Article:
Kelly Brown is an IT professional and professor of practice for the University of Oregon, and academic director of the UO Applied Information Management Master’s Degree Program. He writes about IT and business topics that keep him up at night.

shutterstock_63935509I am a confessed optimist. I am not a realist, nor am I even a plain optimist. I am a flaming optimist. The glass for me is not just half full; it is completely full. Always. I go into every situation with eyes wide open, and I always expect the outcome to be the best. The focus of this blog post is to share my experiences and to show that a positive attitude can have physical and mental health benefits.

Expect the Best

Optimism comes from the Latin word “optimus” meaning “best.” Optimists always expect the best in every situation. It does not necessarily mean that they are perfectionists and get upset when things don’t go well. On the contrary, they are able to deal with adversity objectively, knowing that “this too shall pass.” If you always expect the worst, you will often get the worst. Conversely, if you expect the best, you will receive the best. Some dismiss this as a mind trick, but it does work.

Practice Gratitude

This may seem trivial, but regular practice goes a long way towards developing a positive attitude and optimism. Often, we have a tendency to focus on the negative things in life, but I challenge you to find something, however small, that you are genuinely grateful for. My wife often asks me what color the sky is in my world. My answer is always the same, “It’s blue, it’s always blue!” Even when it is raining, I try to think about the benefits of rain rather than focusing on my own discomfort. (This is not always easy to do when it is pouring). Once you develop a strong position of gratitude, you can then pass it along to others to help them on their journey. This has benefits for you and for others. Optimism is contagious!

Health Benefits

According to a recent article from the Mayo Clinic, researchers are finding the following benefits attributed to optimism and a positive attitude:

  • Increased life span,
  • Lower rates of depression,
  • Lower levels of distress,
  • Greater resistance to the common cold,
  • Better psychological and physical well-being, and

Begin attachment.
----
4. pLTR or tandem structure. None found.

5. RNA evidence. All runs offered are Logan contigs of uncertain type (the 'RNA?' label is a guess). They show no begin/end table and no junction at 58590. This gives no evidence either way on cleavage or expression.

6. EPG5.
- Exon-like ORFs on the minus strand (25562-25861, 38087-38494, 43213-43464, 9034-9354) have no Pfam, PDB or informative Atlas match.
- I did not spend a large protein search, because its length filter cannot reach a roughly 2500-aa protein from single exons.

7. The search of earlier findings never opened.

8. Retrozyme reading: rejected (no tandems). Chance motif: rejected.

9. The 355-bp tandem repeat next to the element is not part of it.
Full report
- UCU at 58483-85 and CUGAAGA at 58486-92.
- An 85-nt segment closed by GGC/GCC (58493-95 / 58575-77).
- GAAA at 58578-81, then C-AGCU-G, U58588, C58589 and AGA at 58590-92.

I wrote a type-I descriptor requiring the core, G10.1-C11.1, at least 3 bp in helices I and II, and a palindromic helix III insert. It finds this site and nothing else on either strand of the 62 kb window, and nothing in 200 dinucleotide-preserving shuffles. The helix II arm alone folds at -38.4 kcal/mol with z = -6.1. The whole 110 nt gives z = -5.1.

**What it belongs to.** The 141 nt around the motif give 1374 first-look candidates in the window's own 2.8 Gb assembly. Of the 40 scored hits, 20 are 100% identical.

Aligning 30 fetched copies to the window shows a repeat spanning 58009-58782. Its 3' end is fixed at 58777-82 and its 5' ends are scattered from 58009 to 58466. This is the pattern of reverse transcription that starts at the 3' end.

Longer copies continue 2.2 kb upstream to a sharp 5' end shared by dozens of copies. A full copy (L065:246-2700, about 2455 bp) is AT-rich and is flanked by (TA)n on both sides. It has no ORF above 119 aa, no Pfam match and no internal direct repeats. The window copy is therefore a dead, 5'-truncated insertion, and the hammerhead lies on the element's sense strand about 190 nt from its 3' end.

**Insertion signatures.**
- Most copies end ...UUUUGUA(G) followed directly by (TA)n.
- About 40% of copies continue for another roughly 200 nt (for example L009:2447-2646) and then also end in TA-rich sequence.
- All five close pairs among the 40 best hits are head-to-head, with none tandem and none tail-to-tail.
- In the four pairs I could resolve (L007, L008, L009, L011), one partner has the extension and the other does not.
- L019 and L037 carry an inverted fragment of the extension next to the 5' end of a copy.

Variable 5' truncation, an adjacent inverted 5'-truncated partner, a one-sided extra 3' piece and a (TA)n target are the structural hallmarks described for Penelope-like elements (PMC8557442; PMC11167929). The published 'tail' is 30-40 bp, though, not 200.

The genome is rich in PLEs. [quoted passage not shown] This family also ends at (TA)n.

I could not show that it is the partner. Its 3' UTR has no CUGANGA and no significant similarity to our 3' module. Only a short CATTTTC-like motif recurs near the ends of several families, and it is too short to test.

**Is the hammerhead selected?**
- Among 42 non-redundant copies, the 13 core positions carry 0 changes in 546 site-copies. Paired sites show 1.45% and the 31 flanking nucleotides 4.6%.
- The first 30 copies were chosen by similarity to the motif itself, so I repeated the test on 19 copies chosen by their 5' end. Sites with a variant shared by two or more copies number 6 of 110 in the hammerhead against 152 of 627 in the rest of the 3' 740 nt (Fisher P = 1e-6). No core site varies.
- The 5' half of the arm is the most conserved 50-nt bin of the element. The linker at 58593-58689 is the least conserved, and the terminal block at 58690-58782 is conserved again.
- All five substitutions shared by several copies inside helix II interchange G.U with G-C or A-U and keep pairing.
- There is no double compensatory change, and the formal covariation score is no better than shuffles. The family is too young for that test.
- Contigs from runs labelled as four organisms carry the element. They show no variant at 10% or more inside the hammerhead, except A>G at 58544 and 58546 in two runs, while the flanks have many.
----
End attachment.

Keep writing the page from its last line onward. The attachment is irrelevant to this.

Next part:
• Better coping skills during times of stress.

Researchers are finding that a positive attitude leads to better health, which leads to a more positive outlook on life. It is a reinforcing cycle!

Thoughts

Are you an optimist? If not, I would invite you to try it out and see if it doesn’t improve your outlook. Find one thing that you are grateful for and focus on it. Gradually add other things in your life that you are grateful for and soon you will be expecting positive things to come to you. If you are already an optimist, let me know what you do to keep a positive attitude. If you are just starting your journey towards optimism, let me know how it is going! By all means, pass along your positive attitude to others.

About Kelly BrownAuthor Kelly Brown

Kelly Brown is an IT professional, adjunct faculty for the University of Oregon, and academic director of the UO Applied Information Management Master’s Degree Program . He writes about IT and business topics that keep him up at night.

Personal Health Monitoring

Doctor working at the hospital and using a smart phoneA number of years ago, I had an idea for a health monitoring device that would be embedded in your door frame. The idea was that you would go out the door in the morning and, as you passed over the threshold, you would be scanned and your vital statistics would be recorded and sent to you via e-mail. If anything were really amiss, the same e-mail would also go to your physician.

I think I was on to something but my vision has been surpassed by devices currently being developed and coming on to the market. Now, you have constant monitoring and constant feedback. It is no longer a single snapshot like my doorframe idea. In this post I would like to focus on technology that will help you get fit, stay fit, and be healthy.